Men make up the majority of neo-Nazis, but emancipation has also forged new territory for women in right-extremist circles in Germany. A new book sheds light on female neo-Nazis.
There is more variety within right wing extremists than expected
Women want to have their say. That slogan from the 1960's women liberation movement still echoes through to today. And it's a rallying cry that leaders from Germany's National Democratic Party, the NPD, have picked up on.
The NPD, which is not prohibited in Germany, uses women to lure people into the right-extremist movement, maintain authors Andrea Röpke and Andreas Speit. Their new book "Mädelsache! Frauen in der Neo-Nazi-Szene" ("Girls' Business: Women in the Neo-Nazi Scene") illuminates how women are used as ambassadors for the movement.
A mother of several children wins the hearts of people much more easily than a young man with tattoos chanting xenophobic slogans, said author Speit. "Many people think 'If women are part of it, it can't be so bad,'" he observed.
The strategy seems to work, as regional elections in the German state of Saxony-Anhalt this past March showed. NPD women reaped an impressive number of votes.
Wolves in sheeps' clothing
Röpke and Speit's book looks at the various right-extremist groups in Germany. It's a heterogeneous movement that includes a right-wing women's organization, as well as numerous rightist enclaves such as the National Women's Circle - an association linked to the NPD.
Other smaller groups or associations do not appear to be right-extremist at first glance. On the contrary, one could almost take them to be "granola heads" - save the environment hippies donned in handmade clothing or dirndl-like dresses, living cozily amongst their kind in rural communities.
Right-extremist women often shy away from the skinhead look
But at second-glance, say the authors, one notices the Prussian rigidity with which the mothers raise their children. It's a harsh approach that glorifies discipline and German tradition. This breed refuses to use English words that have long found their way into colloquial German. "T-shirt" thus becomes "T-Hemd," "Weltnetz" (World Web) is used rather than "Internet," "Gemüsetorte" (Vegetable Cake) rather than "Pizza."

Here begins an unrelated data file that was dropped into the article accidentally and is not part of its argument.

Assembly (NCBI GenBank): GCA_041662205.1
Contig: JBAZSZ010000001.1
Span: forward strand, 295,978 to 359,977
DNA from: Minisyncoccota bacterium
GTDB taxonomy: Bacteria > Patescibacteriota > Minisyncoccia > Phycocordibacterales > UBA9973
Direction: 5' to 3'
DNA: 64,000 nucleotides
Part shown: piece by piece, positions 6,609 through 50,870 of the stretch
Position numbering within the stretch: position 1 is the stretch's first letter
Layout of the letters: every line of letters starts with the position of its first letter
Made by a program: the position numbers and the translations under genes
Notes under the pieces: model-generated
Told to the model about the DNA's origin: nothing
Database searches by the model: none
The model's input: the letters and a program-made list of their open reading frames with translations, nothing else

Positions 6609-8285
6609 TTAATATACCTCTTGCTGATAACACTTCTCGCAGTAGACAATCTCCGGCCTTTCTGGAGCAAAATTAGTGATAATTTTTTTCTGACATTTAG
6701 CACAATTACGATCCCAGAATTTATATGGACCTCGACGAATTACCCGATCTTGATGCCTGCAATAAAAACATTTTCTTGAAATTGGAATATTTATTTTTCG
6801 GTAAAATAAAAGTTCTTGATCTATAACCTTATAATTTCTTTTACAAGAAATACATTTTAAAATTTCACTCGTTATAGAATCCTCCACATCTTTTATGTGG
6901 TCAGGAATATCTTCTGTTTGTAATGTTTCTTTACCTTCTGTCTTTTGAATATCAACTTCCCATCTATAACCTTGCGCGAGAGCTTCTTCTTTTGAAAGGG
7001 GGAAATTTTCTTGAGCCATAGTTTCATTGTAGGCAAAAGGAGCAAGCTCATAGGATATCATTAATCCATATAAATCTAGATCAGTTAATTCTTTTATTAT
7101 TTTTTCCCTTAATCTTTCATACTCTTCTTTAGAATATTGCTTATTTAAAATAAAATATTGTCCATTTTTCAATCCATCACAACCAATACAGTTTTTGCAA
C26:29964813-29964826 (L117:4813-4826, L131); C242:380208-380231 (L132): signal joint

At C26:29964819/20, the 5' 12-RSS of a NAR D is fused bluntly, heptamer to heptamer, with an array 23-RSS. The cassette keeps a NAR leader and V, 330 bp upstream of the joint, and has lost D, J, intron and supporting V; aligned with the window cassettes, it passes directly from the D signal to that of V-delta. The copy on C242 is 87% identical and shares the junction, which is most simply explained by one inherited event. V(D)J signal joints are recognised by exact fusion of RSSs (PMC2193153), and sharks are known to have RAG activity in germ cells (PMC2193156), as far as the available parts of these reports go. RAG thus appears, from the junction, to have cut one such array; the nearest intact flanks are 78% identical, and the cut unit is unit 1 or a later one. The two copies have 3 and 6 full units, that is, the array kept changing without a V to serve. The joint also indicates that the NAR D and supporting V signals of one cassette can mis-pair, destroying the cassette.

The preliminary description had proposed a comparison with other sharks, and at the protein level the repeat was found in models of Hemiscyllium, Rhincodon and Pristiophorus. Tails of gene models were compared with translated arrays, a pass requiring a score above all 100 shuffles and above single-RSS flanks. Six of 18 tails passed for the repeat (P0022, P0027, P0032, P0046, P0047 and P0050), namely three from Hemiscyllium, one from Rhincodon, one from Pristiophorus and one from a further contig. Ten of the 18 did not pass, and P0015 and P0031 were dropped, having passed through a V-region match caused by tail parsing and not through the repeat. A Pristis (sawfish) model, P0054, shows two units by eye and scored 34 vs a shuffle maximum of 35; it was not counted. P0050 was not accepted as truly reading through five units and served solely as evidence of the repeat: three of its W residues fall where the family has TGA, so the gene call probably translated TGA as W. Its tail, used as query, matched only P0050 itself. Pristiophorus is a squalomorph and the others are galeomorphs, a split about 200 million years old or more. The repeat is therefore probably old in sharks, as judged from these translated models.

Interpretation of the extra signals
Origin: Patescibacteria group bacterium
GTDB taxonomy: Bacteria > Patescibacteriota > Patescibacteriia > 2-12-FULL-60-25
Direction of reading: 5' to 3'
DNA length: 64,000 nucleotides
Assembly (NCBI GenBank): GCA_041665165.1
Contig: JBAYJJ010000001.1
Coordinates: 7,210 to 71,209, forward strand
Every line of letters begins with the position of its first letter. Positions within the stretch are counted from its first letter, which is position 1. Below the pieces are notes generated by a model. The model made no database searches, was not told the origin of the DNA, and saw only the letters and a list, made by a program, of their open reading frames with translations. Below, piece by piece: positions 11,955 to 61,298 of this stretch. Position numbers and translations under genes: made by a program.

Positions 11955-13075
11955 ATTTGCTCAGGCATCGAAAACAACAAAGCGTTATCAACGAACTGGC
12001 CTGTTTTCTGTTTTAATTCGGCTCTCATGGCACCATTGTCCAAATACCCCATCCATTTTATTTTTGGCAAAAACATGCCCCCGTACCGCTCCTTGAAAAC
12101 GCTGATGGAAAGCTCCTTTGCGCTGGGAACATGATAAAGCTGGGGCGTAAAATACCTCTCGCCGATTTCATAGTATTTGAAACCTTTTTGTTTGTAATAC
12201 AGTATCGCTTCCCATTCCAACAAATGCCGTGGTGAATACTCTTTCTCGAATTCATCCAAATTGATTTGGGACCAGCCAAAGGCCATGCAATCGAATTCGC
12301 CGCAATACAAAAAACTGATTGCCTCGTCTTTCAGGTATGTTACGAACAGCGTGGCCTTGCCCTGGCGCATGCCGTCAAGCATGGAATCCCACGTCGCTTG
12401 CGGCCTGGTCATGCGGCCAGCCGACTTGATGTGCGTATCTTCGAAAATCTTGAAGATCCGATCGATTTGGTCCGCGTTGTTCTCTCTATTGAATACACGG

The danger of underestimation
That all may sound so "yesterday," but authors Röpke and Speit stress that one should not underestimate the power and reach of women within the right-extremist movement. They have a stabilizing function within their groups; they are particularly loyal in toeing the NPD party line; and they have a major impact on how children and youth are raised.
They also don't stay within their own extremist enclaves, but are often employed as social workers or caregivers in pre-schools or daycare centers. There, they can easily recruit members for the movement - one with no shortage of young people, Speit said.
The book "Mädelsache" illuminates just how underestimated these right-extremist women are, especially in their ability to appeal to mainstream society far better than men. But as moderate as the women may appear, the authors make clear their connections to organizations touting non-democratic, racist beliefs.
Author: Heide Soltau / als
Editor: Stuart Tiffen
Andrea Röpke / Andreas Speit: Mädelsache! Frauen in der Neonazi-Scene, Christoph Links Verlag GmbH, Berlin, 2011, 237 pages, 16.90 Euros ($25), ISBN 978 3 86153 615 4.